Papers relating to the development of the flexible drinking straw, Friedman's manufacturing company, and Friedman's other inventions, such as an ice cream scoop, fountain pens, and household appliances.
Blueprints, drawings, patent applications, patents, product photographs, correspondence, bills and receipts, advertising, and published articles related to the Kerns' products. The bulk of the material, 1949-1958, is from George Kern's files. It primarily relates to the development and marketing of the Dentagraph and high speed dental drills before the formation of the Fairfax Manufacturing Company in 1957.
Papers document Henry Booth's invention, use, and marketing of the PhotoMetriC custom tailoring system.
The Gerber Fabric Cutter S-70 is part of a systematic approach to layout and cutting that has revolutionized the needle trades. This video history contains original, master, and reference videos, Dictaphone microcassettes, and tape digests and notes documenting the development, operation and use of the Gerber Fabric Cutter S-70 in three locations: H.I.S., Inc., in Bruceton, Tennessee (Chic blue jeans use of cuter); General Motors in Grand Rapids, Michigan (automotive use of the cutter); and Gerber Scientific Instrument Company in Hartford, Connecticut (Gerber corporate office and invention factory). The video footage documents H. Joseph Gerber, engineers, assembly workers, operators, and other technicians who worked with the cutter at the three locations. The footage from the Tennessee and Michigan sites provides insight into the complexity of introducing a new technology into the workplace and documents operators and managers discussing the effect of the cutter on workflow, quality, personnel, and attitudes towards the job. The footage from the Connecticut site documents the engineers who developed the cutter and provides valuable insight into the invention process. This collection includes oral history audio tapes, original, master, and reference videos, and notes documenting visits to Bruceton, Tennessee, Grand Rapids, Michigan, and Hartford, Connecticut.
Photographs, publications and correspondence related to D. Ward King's invention the King Road Drag, or the Split-Oak drag, which improved rural travel in the early 20th century by introducing a simple design and low-effort system for grading poor-quality roads. The King Road Drag was promoted heavily across the United States and Canada via the "Good Roads Campaign" originally sponsored by the railroad companies in the early decades of the twentieth century.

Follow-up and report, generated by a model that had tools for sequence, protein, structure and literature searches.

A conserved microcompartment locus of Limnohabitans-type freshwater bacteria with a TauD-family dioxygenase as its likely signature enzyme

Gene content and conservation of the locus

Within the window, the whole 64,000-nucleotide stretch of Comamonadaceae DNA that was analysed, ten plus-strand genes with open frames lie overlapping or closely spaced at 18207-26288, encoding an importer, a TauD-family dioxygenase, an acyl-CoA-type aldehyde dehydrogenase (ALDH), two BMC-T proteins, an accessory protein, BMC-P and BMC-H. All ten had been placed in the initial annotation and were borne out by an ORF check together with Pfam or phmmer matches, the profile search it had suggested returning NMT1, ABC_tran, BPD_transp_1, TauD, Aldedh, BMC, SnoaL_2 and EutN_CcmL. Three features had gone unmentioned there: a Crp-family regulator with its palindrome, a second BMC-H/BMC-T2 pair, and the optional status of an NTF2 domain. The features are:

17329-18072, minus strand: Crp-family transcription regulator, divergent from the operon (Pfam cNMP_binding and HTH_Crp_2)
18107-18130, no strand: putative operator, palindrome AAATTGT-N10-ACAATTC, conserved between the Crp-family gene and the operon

The Grace Jeffers Collection of Formica Materials consists of textual files, photographs, slides, negatives, drawings, blueprints, posters, advertisements, product brochures, newsletters, and informational pamphlets documenting the history of the Formica Corporation and the use of Formica brand plastic laminate.
F.C. Brown was a physicist and inventor who created and supervised the development of education exhibits, most notably as organizing director of the New York Museum of Science and Industry (part of the Museums of the Peaceful Arts), 1926-1931. He was also curator of physics exhibits at Chicago's Museum of Science and Industry, 1932-1937. Much of Brown's scientific research focused on the element selenium. He invented the phonopticon, an improvement on the optophone (invented by Fournier d'Albe, 1912). Material focuses on Dr. Brown's professional life: correspondence, photographs, photo albums, scrapbooks, and ephemera from the positions he held and research he conducted. Very little personal information is included.
Papers relating to the invention, development, use, and popularization of the Taser, a nonlethal weapon invented by Jack Covers.
This week-long event explored the intersection of technology and music in the 20th century; it included oral and video histories, exhibitions, concerts, and a symposium discussing the cultural significance of the electric guitar as instrument, technology, and symbol.
This collection includes papers that were important to Henry, Henry B. and Juliette Arden. There is some confusion caused by the names of father and son. Juliette referred to her father as Henry, never as Harry or Henry B. Early patents, granted before his death in 1912 may have been granted to the father. All documents or correspondence later than...